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Tuesday, June 18, 2024
The Observer

A look into ‘Outer Banks’ season three


“Outer Banks” (OBX) season three has taken Netflix by storm, garnering over 100 million viewers within its first couple days of release. As a fan myself, I anticipated watching the Pogues and Kooks take the screen again with the ambiance of summer that so many of us are excitedly awaiting. While I wasn’t let down by the action and adventure, there’s something about this season that separates it from the rest, and I can’t decide if I want more or less of it.

The show follows a group of friends, the Pogues, who embark on a journey to find the treasure of El Dorado, diving deep into its rich and dangerous history all whilst clinging to their rebellious and zestful teenage spirit. This season John B., J.J., Pope, Kiara, Sarah and the most recent addition to the group, Cleo, find themselves breaking and entering while in Barbados, dodging bullets during dangerous shootouts, stealing from moving trains and perhaps the scariest of it all, dealing with complicated feelings of love. It’s difficult to summarize the many moving parts, and although it’s refreshing to watch the plot expand from the small Kildare Island we know and love, it’s hard not to feel that it's moving further from what fans were initially drawn to.

When “Outer Banks” first came out, I burned through the episodes. With its sun-kissed color grading, witty characters and beachy setting, it possessed all the qualities of a riveting teenage drama. I’m a sucker for the found-family trope and the bond that we witness with the Pogues, and their rivalry with the Kooks — who live on the richer side of the island — sets up the perfect landscape for heartbreak, betrayal and romance. The characters, for me, are what made it so good. However, the Pogues aren't in OBX for part of season three, and even when they return, much of their attention is focused on the treasure. While the treasure has always been a part of the plot, there were a lot of new characters such as Carlos Singh, this season’s main villain, who felt unnecessary when there are plenty of compelling antagonists already. While he is a large reason why the Pogues are sent on these crazy rescue missions and high-speed chases, it would’ve felt more impactful if characters from the previous seasons were fleshed out more as opposed to being replaced. Although Big John, John B’s father, was alluded to in the previous seasons, he played a major role in the plot. I, along with a lot of fans, found him difficult to like. His importance to the story is there, but his character fell flat. All these additions seemed to take up space that I think most of us would’ve rather seen used on evolving the characters that make the show what it is.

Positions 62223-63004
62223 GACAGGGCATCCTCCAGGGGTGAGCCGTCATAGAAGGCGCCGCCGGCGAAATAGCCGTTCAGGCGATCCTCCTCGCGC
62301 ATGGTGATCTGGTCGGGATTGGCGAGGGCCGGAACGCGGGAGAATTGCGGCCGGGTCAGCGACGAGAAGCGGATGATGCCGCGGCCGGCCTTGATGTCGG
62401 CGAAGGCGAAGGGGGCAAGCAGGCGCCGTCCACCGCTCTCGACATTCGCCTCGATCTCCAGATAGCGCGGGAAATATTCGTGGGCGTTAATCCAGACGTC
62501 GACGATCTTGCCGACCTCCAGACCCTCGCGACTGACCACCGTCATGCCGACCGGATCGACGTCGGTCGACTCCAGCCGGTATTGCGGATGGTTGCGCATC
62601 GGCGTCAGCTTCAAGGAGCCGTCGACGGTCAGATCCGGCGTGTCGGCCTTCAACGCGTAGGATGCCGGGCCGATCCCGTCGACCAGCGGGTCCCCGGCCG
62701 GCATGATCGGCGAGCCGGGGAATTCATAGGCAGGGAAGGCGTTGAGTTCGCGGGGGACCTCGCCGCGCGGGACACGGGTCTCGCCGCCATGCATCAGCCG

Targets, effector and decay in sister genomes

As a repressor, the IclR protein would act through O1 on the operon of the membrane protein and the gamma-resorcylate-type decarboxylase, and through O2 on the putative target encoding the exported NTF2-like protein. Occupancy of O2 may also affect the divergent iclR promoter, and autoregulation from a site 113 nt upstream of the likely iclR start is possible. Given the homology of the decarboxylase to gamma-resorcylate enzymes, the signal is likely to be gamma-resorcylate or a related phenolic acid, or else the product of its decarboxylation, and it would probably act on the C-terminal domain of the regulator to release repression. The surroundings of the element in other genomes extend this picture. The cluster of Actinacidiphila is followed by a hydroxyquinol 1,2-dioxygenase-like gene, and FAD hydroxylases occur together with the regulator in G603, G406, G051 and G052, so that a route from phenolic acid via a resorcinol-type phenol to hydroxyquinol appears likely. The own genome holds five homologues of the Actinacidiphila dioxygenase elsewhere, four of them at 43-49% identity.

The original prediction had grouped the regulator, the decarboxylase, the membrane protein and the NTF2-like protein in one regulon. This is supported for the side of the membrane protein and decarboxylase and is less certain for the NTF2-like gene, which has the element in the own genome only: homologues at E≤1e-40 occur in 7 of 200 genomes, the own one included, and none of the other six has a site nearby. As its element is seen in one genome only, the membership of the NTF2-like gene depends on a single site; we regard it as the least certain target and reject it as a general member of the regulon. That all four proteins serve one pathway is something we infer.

This season wasn’t without its faults, but I did enjoy it. The writers handed us the relationships we pleaded for, gave us a relatively satisfying end and above all else, brought another season back to our screens and recently got renewed for another. In episode seven, Kiara says “we’re all a little messed up.” I think she sums up much of the craze surrounding the continuation of the Pogues’ story. Whether we like it or not, a successful show must expand its horizons, and “Outer Banks” has done exactly that. The characters are growing, the plot is thickening and priorities are different than they were. Who wouldn’t expect things to change after a little gold is involved?

Show: “Outer Banks” Starring: Madelyn Cline, Chase Stokes, Rudy Pankow, Madison Bailey, Jonathan Daviss, Carlacia Grant Favorite episode: “Welcome to Kitty Hawk” If you like: Treasure hunts and love triangles Where to watch: Netflix Shamrocks: 4 out of 5